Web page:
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Why I want to become an elementary school
A teacher takes a hand, opens a
mind, and touches a heart.
By, Lauren Bonaldo
1. I want to make a
I want to to be an elementary school teacher so that I can make a difference in
young kids lives. As an elementary school teacher, you not only have to teach
students key subjects such as math, reading, writing, and science, but you also
get to teach them important life skills and valuable information that they will carry
with them the rest of their lives. Teacher’s spend many hours with their students
each day, allowing them to get to know each other personally and create strong
relationships. Students learn to trust their teacher and share personal information
from outside the classroom, and often stay connected years later. In Dr.
Redman’s book Don’t Smile Until December she tells us a story of how her mom’s
“three former students from her seventh-grade class, taught in the 1940’s,
planned and coordinated her retirement party. One is a principal, another is a
teacher, and the third played an active role in the education of children at his
church” (Redman pg. 6). I feel that there is no better reward to being a teacher
than knowing that you created a special bond with students in your classroom and
have made an impact in their lives.
2. I love that young students have so
much to learn.
As an elementary school teacher working with young kids there are always
new things for them to learn. There are so many new concepts that young
students have not yet been exposed to that teacher’s can introduce to them
for the first time. At such a young age students have so much room for growth,
improvement, and new accomplishments. At the beginning of the year a
student may not know the alphabet or their multiplication tables and by the end
of the year they are spelling words and have mastered multiplication. Their
energy and excitement to learn is inspiring and creates a fun and positive
learning environment. I believe growth in a classroom is a very rewarding
experience to be a part of.
3. I believe education is very
I feel that elementary school is where the foundation of
education starts. As an elementary school teacher you can
help students create positive learning habits, instill a love
and importance for school and create a fun learning
environment where students will find it exciting and
enjoyable to come to school. I believe teaching young
students to have a strong work ethic, to work hard, and give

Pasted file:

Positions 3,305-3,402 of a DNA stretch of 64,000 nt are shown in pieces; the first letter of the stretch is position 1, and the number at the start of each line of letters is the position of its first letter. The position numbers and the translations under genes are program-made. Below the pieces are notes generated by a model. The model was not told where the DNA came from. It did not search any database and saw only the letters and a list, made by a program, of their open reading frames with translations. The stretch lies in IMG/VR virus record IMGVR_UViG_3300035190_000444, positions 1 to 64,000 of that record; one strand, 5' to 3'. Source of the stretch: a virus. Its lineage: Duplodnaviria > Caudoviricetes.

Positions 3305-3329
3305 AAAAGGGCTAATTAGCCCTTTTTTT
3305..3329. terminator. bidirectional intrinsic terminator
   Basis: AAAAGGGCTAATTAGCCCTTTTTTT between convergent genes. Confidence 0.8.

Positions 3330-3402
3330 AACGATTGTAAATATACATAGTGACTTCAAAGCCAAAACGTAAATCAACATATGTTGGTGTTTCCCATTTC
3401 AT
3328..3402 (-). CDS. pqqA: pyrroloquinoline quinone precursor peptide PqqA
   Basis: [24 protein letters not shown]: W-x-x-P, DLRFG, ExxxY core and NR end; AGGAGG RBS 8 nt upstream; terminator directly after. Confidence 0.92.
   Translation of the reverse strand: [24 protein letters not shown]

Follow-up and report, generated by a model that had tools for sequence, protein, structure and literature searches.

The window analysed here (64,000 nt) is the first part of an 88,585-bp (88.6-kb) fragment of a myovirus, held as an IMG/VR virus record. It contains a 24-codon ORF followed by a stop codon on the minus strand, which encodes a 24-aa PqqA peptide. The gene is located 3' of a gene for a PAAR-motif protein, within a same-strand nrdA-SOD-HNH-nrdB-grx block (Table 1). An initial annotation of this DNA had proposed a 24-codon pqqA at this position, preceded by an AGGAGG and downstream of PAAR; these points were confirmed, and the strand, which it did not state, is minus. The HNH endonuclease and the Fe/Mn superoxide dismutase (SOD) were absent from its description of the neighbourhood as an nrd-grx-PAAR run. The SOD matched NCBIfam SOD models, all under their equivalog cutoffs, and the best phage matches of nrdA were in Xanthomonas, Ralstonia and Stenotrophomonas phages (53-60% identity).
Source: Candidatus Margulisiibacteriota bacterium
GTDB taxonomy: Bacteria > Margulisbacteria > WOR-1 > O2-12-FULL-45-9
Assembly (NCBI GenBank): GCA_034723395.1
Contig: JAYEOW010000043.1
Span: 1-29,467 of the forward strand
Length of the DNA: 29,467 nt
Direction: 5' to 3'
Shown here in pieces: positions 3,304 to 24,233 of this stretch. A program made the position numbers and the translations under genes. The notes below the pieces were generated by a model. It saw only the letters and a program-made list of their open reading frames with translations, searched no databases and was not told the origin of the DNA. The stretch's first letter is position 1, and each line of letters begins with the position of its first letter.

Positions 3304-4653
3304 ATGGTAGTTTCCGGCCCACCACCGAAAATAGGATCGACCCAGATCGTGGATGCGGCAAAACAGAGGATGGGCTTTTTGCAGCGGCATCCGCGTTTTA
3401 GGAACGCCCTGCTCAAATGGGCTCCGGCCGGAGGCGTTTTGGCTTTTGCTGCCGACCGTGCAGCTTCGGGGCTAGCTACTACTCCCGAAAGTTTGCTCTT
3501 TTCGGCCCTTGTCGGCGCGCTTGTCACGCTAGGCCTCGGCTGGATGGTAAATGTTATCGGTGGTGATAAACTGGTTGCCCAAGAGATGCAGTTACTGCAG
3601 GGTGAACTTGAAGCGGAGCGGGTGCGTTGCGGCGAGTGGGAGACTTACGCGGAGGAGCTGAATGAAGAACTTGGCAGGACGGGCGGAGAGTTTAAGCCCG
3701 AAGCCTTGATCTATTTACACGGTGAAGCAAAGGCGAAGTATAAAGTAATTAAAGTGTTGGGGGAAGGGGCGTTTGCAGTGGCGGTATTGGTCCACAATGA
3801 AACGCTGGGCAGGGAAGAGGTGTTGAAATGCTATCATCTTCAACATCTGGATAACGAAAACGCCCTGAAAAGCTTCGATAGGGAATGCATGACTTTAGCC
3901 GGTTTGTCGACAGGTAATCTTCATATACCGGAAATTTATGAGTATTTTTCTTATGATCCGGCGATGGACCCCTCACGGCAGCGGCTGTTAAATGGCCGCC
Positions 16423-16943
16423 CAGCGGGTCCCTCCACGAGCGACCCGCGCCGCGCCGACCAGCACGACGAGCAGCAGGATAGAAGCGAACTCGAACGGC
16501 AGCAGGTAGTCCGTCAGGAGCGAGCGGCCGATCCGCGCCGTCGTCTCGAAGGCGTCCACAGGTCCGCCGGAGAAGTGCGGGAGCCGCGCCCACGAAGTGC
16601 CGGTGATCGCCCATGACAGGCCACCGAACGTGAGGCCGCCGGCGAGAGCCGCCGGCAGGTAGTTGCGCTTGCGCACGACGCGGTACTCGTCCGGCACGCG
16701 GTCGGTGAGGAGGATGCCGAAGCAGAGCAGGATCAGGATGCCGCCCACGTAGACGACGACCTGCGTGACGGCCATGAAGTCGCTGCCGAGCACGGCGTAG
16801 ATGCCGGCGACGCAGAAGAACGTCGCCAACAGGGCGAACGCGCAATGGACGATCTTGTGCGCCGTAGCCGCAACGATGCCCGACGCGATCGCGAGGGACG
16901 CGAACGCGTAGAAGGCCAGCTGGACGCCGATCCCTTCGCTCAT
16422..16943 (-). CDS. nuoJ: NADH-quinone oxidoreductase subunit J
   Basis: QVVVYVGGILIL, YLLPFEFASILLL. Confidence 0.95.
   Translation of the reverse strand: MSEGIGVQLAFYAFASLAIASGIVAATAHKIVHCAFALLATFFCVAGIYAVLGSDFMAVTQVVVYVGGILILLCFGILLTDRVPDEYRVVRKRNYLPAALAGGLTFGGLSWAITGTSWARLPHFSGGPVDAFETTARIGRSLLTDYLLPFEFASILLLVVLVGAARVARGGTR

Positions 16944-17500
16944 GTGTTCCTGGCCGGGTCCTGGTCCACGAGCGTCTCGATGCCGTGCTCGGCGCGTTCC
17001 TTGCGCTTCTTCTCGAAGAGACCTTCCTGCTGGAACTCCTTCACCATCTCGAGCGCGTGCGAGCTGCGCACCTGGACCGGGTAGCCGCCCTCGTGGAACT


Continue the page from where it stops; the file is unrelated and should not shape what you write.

their best effort in everything they do will help them have
bigger and brighter futures.
4. I love all subjects.
Being an elementary school teacher, I love that you get the
opportunity to teach a variety of subjects such as math, reading,
and science. This makes teaching more exciting and fun than
repeating the same lesson plan all day. This also allows the
teacher to see the strengths and weaknesses of their students. If
a student is not so great at math but excels in science then you
can reward the student for their accomplishments in science, but
still work on strengthening their math skills. Teaching multiple
subjects will also allow for more creativity in lesson plans and
different activities throughout the day.
5. Teaching allows for a more flexible
Having a family is something I greatly value, and I feel
that being a teacher will allow for the perfect balance
between being a mom and still having a job. Although
teachers get weekends, summer’s, and holidays off,
“work doesn’t stop at the classroom door. There are
papers to grade, lessons to plan, parents to call, all
done after the teacher is off the clock” (Redman pg.
10). However, teaching allows for a more flexible
schedule and allows the teacher to plan and get their
grading done when they choose. Teaching is perfect
for raising a family because you typically get out of
school at the same time as your kids, you can attend
sporting events, and plan family vacations. Growing
up my mom was always a stay at home mom, and I
know that I am who I am today because she was there
to guide and support me through everything I did. I
hope to be there for my kids like my mom was for me.
Redman, P. D. (2006). In Zucker F., Rabanera G.,
Reese J. and McBrien J. L. (Eds.), Don't smile until
december: And other myths about classroom
teaching. Thousand Oaks, California: Corwin Press.
Personal Statement for my Intro to Education class.